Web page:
Handbook on the Geographies of Innovation
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Handbook on the Geographies of Innovation

Edited by Richard Shearmu, Christophe Carrincazeaux and David Doloreux

The geography of innovation is changing. First, it is increasingly understood that innovative firms and organizations exhibit a wide variety of strategies, each being differently attuned to diverse geographic contexts. Second, and concomitantly, the idea that cities, clusters and physical proximity are essential for innovation is evolving under the weight of new theorizing and empirical evidence. In this Handbook we gather 28 chapters by scholars with widely differing views on what constitutes the geography of innovation. The aim of the Handbook is to break with the many ideas and concepts that emerged during the course of the 1980s and 1990s, and to fully take into account the new reality of the internet, mobile communication technologies, personal mobility and globalization. This does not entail the rejection of well-established and supported ideas, but instead allows for a series of new ideas and authors to enter the arena and provoke debate.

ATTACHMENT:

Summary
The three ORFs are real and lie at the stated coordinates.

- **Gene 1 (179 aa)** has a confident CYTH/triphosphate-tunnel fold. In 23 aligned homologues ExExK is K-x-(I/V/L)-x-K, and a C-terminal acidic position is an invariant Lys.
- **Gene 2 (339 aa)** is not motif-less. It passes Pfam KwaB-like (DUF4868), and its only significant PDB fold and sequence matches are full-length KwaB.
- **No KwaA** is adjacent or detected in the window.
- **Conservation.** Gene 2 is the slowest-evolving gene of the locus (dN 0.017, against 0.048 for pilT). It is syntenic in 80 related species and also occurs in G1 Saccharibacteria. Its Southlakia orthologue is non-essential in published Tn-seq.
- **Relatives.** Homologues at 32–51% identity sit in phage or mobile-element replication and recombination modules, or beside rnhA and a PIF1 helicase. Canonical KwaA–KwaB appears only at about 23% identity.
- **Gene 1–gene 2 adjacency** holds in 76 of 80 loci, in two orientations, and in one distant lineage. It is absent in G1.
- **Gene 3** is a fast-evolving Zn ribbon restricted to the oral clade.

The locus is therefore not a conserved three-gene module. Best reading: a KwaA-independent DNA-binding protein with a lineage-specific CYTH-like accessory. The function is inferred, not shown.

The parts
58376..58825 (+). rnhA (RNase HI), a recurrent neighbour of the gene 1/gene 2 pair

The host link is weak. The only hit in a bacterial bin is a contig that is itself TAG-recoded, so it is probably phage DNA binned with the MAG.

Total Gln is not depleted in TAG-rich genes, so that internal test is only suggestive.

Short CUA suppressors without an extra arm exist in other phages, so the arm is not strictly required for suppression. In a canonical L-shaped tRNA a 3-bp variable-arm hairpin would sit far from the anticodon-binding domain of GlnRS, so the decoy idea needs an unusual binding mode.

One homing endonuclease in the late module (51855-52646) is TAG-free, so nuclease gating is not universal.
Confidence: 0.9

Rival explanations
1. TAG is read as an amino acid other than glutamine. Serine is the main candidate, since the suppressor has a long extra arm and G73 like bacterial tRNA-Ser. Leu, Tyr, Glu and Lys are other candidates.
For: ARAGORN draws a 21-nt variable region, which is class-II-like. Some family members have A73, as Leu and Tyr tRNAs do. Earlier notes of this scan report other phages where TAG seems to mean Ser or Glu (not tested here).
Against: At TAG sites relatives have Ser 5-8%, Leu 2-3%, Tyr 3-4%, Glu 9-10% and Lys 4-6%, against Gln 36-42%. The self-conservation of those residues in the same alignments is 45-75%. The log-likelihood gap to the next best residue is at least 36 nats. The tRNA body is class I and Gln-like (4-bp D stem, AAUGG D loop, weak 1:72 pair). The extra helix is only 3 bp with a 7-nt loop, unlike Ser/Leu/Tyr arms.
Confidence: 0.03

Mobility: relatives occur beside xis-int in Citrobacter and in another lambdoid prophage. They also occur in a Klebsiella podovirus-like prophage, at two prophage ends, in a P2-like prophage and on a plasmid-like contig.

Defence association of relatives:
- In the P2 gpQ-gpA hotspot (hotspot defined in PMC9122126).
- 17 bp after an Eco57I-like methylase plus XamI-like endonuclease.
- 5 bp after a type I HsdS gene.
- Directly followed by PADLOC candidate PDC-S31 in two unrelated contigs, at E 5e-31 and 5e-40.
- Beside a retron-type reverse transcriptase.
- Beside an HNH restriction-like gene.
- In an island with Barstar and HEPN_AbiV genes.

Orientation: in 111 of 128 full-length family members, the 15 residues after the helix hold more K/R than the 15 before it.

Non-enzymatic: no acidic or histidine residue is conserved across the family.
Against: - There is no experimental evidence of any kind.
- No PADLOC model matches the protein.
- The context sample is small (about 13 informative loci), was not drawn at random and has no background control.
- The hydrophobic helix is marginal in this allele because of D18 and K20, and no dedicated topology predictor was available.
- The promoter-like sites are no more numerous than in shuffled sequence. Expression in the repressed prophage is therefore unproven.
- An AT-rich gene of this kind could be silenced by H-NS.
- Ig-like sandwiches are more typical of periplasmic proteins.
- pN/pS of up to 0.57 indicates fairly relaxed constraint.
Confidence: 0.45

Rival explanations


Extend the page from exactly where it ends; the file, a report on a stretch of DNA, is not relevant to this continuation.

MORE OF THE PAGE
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Chapter 16: Innovation in peripheral regions

Arne Isaksen and James Karlsen

Abstract

The chapter discusses typical features of innovation activity in peripheral regions; regions located outside daily commuting distance from large cities.  Such regions exhibit different place-specific conditions to those found in dynamic core regions, which cause peripherally located firms to innovate in certain ways. Many peripheral regions are characterized by organizationally thin regional innovation systems and bonding social capital. These are features that stimulate incremental innovations based on experience-based knowledge, which is typical of the Doing-Using-Interacting (DUI) innovation mode. Characteristics such as many DUI innovations, little local knowledge flow, low related variety of knowledge and technology and high levels of bonding social capital may result in peripheral regions becoming trapped in path extension: firms and industries strengthen their existing activity through incremental innovation, while the development of new activities through radical innovations is difficult to achieve. Firms in peripheral regions, in particular, need to source extra-regional knowledge in order to achieve more radical innovation activity. Reliance on extra-regional knowledge sources also points to the fact that external investments and policy initiatives are especially important for industrial development in peripheral regions. Firms in peripheral regions, however, need to develop organizational learning strategies in order to be able to exploit external knowledge from distant sources in their internal innovation processes.

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